Presentation on theme: "The Economics of Evangelism: The Insights of Decision Theory Mark Pingle Department of Economics University of Nevada, Reno, USA"— Presentation transcript:
The Economics of Evangelism: The Insights of Decision Theory Mark Pingle Department of Economics University of Nevada, Reno, USA email@example.com
Pascal, 1670, Pensees 194: …I know …I must soon die, but what I know least is the very death I cannot escape.
Adam Smith, Theory of Moral Sentiments, 1759, Part I, paragraph I.II.11: Fear … is a passion derived altogether from the imagination, which represents, with an uncertainty and fluctuation that increases our anxiety, not what we really feel, but what we may hereafter possibly suffer. Adam Smith, Theory of Moral Sentiments, 1759, Part I, paragraph I.I.13: “The foresight of our own dissolution is so terrible to us …. [that it] makes us miserable while we are alive…. The dread of death [is] the great poison to happiness…. it afflicts and mortifies the individual.”
Pascal, 1670, Pensees 233: “God is or He is not. But to which side will we incline? … A game is being played at the extremity of this infinite distance where heads or tails will turn up. What will you wager? … You must wager. It is not optional… Let us weigh the gain and the loss in wagering that God is. Let us estimate these two chances. If you win, you win everything, if you lose you lose nothing. Do not hesitate then; wager that he does exist.” Pascal’s Wager
Pascal’s wager: Presents faith as a choice made under uncertainty Jeff Jorden, Chapter 1, Gambling on God: Essays on Pascal’s Wager: “Pascal’s wager brought about the advent of decision theory. Iannaccone, L.R., Journal of Economic Literature, 1998: “For the most part, however, the problem of religious uncertainty has received little attention and scarcely any formal analysis.” Theory Question: What theoretical conclusions about the faith decision can we derive from decision theory? Policy Question: What should evangelists do to win converts?
Is Faith a Choice? Calvanism: No, God selects those who will be saved. Arminianism: Yes, God wants all to be saved, and those who choose God will be saved.
“because the Gospel is called ‘the power of God unto salvation to everyone that believeth,’ [there are some who] would blot out under this pretext the election of God; whereas it ought to have entered into the minds of such to think from whence faith comes!” “whosoever shall hold faith to be the earnest and pledge of adoption, will assuredly confess that it flows from Divine election as its eternal source.” THE CONSENT OF THE PASTORS OF THE CHURCH OF CHRIST AT GENEVA, CONCERNING THE ETERNAL PREDESTINATION OF GOD, BY WHICH HE HAS CHOSEN SOME MEN UNTO SALVATION, WHILE HE HAS LEFT OTHERS TO THEIR OWN DESTRUCTION, AND ALSO THEIR CONSENT CONCERNING THE PROVIDENCE OF GOD, BY WHICH HE GOVERNS HUMAN AFFAIRS, SET FORTH ---BY JOHN CALVIN January 1st, 1552.
Where did Pascal Stand on Predestination? Pascal (Pensees, 242): “God is a hidden God. … This is what the Scripture points out when it says in so many places that those who seek God find Him.” Pascal (Pensees, 248): “Faith is different from proof; the one his human, the other is a gift of God.” Pascal (Pensees, 253): “Two extremes: To exclude reason, to admit reason only.”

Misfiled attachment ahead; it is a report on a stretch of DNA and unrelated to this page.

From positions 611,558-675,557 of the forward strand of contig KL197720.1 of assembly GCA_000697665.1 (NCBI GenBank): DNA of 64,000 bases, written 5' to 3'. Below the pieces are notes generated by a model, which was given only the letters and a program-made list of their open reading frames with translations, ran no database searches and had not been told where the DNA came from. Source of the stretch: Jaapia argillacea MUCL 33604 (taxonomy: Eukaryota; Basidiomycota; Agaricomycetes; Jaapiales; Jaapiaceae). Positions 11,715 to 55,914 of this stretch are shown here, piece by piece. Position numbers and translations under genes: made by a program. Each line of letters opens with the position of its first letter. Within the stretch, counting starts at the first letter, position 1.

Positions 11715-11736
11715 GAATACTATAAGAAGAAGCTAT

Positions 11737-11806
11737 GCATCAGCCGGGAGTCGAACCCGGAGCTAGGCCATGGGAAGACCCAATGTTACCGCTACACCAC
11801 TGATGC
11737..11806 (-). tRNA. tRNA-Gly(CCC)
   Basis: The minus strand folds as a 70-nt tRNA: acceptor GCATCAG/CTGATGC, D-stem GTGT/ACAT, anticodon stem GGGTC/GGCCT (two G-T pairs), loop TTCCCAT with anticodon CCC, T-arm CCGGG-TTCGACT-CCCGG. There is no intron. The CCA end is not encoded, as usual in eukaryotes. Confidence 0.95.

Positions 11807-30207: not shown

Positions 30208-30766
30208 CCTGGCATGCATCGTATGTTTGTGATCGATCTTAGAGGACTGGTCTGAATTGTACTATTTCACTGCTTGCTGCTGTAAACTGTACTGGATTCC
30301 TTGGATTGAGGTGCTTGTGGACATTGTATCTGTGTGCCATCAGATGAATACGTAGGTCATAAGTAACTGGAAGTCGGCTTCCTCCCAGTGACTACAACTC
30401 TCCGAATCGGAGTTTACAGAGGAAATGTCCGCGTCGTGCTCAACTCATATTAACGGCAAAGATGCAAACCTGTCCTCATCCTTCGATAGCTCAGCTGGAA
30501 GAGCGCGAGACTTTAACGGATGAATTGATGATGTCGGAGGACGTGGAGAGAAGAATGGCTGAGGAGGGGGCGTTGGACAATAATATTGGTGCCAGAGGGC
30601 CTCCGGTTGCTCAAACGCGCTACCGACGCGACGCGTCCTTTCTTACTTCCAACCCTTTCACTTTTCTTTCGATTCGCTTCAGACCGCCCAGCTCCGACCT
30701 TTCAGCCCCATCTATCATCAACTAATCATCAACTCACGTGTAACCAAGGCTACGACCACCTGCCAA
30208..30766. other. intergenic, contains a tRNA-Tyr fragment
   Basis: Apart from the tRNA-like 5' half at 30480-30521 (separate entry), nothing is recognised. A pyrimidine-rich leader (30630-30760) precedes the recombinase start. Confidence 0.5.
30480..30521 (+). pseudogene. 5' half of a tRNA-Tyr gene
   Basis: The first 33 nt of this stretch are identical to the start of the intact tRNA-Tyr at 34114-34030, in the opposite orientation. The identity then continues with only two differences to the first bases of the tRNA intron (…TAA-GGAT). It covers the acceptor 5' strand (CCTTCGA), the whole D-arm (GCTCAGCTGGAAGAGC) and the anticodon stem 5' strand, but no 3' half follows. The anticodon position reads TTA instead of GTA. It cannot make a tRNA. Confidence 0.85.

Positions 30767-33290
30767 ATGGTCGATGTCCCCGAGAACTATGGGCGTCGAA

Pascal (Pensees, 257): “There are only three kinds of persons; those who serve God having found Him; others who are occupied in seeking Him; while the remainder live without seeking Him and without knowing Him. The first are reasonable and happy, the last are foolish and unhappy; those between are unhappy and reasonable.” Pascal (Pensees, 195): [To] live in indifference to the search for truth in a matter which is so important…, according to the principles of reason, … is wholly unreasonable. … Eternity exists, and death, which must open to it, … threatens …every hour ….
Azzi and Ehrenberg (1975): First effort to explain religious participation in life as a deterministic function (i.e., a choice) of the perceived afterlife reward.
The Dilemma: Better to believe in God if God exists, and better to not believe in God if God does not exist. God either exists or does not exist. What to choose? Dilemma Version of Pascal’s Wager God ExistsGod Does Not Exist Believe in GodHeaven = + ∞Earthly Sacrifice = - C Not Believe in GodHell = - ∞Earthly Pleasure = B
Decision-Making Under Knightian Uncertainty (Ignorance): The decision maker cannot subjectively assign probabilities to the two states, so “probabilistically unsophisticated” decision rules must be applied Optimist (or extremely wishful thinker) Assumes the best of all worlds will arise Acts to obtain the maximum payoff, valuing improvement Applies the max-max decision rule Seeking to obtain heaven, the choice is to believe in God
Pessimist (or extremely prudent) Assumes the worst of all worlds will arise Acts to avoid the minimum payoff, valuing security Applies the max-min decision rule Seeking to avoid hell, the choice is to believe in God